People, Participation, Progression, Performance in Hockey

Long term memory

In a video below Burnley manager Vincent Kompany is coaching one of his centre backs.

Below is a model of learning accompanied by some teaching techniques that could be used by Kompany to better help this player learn his coaching points.

Let’s start with what he appears to be coaching the player:

  1. Keep a big arm distance
  2. Match his run
  3. Be on your toes, ready to sprint
  4. Don’t let him match your line
  5. Keep a constant distance

The above is a very basic breakdown of his coaching points…

Let me first introduce you to the two vital memory components involved in this moment of learning (see pic)

  1. Working memory
  2. Long-term memory

Working memory (WM) is your ‘work space’. It’s where you hold information ‘in the moment’. When we deliver knowledge to a player

(the specifics of an activity, our rules, guidelines and instructions), this is where a player initially holds that information.

For learning to happen, instruction has to transfer to long-term memory (LTM) – in other words, we want players to remember (knowledge is in LTM)

The gateway to working memory is attention – & this is where your influence on learning starts – you have to captivate, direct & hold attention 

You have to captivate players’ attention because if they’re not paying attention to you, your instruction can’t enter working memory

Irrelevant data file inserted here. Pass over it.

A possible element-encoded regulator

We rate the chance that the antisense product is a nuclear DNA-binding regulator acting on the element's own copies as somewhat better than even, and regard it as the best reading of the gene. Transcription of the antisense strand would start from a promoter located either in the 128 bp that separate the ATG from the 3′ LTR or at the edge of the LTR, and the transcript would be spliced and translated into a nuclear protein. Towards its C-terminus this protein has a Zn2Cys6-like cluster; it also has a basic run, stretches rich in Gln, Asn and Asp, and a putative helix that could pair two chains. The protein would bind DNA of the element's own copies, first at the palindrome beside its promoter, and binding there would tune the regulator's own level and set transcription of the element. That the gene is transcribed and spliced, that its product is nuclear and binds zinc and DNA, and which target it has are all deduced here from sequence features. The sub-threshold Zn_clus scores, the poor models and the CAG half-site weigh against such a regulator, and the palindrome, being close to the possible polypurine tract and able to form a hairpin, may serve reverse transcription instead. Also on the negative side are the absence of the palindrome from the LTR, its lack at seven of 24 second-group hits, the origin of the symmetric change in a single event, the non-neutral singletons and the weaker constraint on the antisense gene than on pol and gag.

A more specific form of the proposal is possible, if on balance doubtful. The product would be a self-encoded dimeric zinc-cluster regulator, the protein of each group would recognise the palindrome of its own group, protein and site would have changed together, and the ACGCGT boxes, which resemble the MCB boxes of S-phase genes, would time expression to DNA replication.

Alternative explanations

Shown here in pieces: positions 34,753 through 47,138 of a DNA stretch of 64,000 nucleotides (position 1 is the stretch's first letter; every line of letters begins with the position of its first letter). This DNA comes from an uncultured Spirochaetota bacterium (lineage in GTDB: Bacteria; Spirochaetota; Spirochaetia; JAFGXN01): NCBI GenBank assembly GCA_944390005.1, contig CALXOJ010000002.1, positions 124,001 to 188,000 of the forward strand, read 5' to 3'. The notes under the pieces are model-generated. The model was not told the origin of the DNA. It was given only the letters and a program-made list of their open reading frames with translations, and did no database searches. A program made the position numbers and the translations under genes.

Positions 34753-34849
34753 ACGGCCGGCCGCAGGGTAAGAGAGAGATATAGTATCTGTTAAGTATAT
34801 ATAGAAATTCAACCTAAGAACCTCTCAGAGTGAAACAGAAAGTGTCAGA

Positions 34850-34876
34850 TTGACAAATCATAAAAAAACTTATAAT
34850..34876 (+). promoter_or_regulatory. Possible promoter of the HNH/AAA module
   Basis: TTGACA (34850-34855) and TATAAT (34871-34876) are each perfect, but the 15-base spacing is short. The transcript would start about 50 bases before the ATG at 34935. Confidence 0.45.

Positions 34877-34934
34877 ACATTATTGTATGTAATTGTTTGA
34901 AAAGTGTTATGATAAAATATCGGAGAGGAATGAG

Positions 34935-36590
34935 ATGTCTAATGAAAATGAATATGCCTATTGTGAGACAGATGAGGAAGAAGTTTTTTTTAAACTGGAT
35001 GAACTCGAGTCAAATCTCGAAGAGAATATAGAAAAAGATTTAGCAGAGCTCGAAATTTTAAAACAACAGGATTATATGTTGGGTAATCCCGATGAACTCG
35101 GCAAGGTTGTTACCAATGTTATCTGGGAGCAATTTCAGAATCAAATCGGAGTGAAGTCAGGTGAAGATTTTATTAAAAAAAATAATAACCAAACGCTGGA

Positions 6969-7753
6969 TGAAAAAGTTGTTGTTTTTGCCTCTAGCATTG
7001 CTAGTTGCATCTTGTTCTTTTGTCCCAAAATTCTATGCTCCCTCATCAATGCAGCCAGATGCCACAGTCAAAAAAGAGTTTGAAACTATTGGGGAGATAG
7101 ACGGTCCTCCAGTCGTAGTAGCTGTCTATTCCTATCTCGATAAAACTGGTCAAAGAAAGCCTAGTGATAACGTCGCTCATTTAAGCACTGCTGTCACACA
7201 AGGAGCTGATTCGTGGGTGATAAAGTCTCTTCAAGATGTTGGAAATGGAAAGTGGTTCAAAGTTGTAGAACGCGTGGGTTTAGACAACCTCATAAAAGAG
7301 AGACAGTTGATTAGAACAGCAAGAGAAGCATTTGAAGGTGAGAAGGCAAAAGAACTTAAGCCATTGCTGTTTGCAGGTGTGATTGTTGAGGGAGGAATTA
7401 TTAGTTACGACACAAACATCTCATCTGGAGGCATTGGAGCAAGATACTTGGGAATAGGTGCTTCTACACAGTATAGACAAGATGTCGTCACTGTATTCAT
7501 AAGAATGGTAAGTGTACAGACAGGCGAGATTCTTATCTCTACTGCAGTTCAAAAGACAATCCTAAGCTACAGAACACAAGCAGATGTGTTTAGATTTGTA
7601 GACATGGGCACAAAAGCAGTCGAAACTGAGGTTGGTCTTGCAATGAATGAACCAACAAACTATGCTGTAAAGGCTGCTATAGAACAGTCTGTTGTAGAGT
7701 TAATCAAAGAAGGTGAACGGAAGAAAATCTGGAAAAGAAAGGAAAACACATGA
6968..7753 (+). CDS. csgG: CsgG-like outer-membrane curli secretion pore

“Hey, eyes on me, I’ve got some thoughts for you and I need you to listen really closely to what I’m saying…” – captivate attention!

Direct attention: to key coaching points by using emphasis, tone, volume, rhythm, silence…use your voice to help players pay attention to your most appropriate messages

Hold attention by helping players understand the importance of your coaching points for them as individuals and as team mates:

“Too often you get too close to the striker and this gives him the chance to sprint in behind you…”

Crucial to understand about WM is that it has limited capacity – it can hold around 3 bits of instruction for around 20 seconds – it’s easy to overload WM and for instructions to decay quickly.

Key is to keep instructions simple, short and snappy…

You can do this by chunking your coaching points. For example, after initial explanation, Vincent Kompany could chunk his coaching points in a simple, short, snappy way…
“Big arm…match run…on toes…stay constant”

Captivate, direct…then hold through simple, short, and snappy instructions..by doing so we help players encode instruction into long-term memory.

 

 

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